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#16: 10-22-2012, 08:26 PM
 
 Tr00b
Title: Contributor
Location: Galena, IL
Car: 1999 Legacy "L" 5MT, 1997 Jeep Wrangler
Posts: 452
iTrader: (1)
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I would test your throttle position sensor. Since you use lower amounts of throttle most of the time, the electronic guts wear out faster on the low throttle input bands (where you are having a misfire). All they are is a potentiometer that changes resistance of signal voltage to tell the ECU what percent throttle demand there is.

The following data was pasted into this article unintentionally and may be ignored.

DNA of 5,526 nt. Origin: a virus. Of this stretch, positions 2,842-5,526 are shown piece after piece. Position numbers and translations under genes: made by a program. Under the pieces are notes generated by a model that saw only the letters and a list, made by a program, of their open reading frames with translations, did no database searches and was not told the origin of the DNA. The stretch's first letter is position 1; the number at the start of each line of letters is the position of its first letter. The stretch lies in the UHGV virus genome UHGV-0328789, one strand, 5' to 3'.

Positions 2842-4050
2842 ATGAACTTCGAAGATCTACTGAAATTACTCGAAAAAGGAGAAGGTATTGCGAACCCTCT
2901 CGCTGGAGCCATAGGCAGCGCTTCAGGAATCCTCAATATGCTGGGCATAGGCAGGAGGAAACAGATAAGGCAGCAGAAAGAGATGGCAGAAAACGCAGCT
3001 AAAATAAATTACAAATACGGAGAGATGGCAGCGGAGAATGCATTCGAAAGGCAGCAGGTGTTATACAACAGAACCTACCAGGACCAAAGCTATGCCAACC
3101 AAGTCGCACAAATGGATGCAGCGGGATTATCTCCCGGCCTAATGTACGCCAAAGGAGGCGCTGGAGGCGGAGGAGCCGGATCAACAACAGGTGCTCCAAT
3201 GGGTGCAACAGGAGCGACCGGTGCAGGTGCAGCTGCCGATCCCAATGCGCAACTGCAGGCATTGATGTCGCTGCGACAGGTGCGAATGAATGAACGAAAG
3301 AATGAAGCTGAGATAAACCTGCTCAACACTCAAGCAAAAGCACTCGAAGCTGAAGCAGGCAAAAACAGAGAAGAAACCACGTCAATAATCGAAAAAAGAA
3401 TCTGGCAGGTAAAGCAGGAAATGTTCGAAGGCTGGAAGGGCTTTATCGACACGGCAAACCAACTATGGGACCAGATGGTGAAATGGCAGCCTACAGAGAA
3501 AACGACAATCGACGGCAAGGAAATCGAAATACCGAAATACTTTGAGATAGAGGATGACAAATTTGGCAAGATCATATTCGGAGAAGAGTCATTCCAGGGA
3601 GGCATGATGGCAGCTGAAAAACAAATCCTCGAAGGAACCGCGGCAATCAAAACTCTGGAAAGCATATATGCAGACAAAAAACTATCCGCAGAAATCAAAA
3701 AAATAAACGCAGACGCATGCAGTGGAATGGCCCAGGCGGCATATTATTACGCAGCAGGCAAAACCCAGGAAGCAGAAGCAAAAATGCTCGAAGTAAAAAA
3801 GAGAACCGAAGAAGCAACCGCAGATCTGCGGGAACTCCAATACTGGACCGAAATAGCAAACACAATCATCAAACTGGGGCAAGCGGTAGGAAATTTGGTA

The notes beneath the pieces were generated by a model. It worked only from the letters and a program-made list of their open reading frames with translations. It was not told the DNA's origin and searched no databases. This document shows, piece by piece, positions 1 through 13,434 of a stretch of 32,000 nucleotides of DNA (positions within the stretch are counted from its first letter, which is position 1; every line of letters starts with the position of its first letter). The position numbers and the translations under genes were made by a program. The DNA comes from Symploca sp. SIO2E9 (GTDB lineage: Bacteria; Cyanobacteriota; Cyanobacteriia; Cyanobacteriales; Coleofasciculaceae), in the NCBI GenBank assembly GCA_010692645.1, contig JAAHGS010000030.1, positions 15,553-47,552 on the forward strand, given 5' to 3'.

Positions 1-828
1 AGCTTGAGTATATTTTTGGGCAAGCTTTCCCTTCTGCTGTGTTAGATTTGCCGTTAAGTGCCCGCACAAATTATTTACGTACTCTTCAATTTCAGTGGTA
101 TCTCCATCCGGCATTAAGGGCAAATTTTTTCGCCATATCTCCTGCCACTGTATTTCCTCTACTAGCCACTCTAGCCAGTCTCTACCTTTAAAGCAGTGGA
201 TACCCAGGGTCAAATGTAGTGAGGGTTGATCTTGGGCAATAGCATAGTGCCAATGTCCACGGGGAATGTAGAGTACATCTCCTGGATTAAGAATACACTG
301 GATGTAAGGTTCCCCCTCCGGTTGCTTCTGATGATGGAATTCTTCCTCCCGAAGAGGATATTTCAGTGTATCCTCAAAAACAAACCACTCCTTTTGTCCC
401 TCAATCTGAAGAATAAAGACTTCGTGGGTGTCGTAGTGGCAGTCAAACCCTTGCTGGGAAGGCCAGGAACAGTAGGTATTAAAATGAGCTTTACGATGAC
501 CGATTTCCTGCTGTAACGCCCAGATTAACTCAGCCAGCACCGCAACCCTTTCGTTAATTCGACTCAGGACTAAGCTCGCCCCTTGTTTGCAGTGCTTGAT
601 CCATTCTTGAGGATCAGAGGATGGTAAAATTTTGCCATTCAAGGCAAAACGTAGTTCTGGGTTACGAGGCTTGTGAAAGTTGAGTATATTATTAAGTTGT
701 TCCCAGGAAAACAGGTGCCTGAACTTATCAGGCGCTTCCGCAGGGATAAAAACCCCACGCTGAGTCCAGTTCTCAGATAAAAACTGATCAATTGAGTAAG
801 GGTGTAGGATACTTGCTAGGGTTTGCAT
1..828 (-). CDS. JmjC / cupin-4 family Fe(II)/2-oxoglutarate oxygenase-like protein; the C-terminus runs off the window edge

The TPS governs alot of things like timing advance. If you punch the throttle, the timing advances and the injects extra fuel for more power/acceleration. However, the throttle plate also has to be open to let in air to allow that to happen. What I think is happening is your engine is hitting a short-to-100% throttle inside of your TPS so the engine thinks you are punching the gas, richening the mixture, not letting in enough air causing the smoke/misfire.

http://www.justanswer.com/subaru/39j...subaru-99.html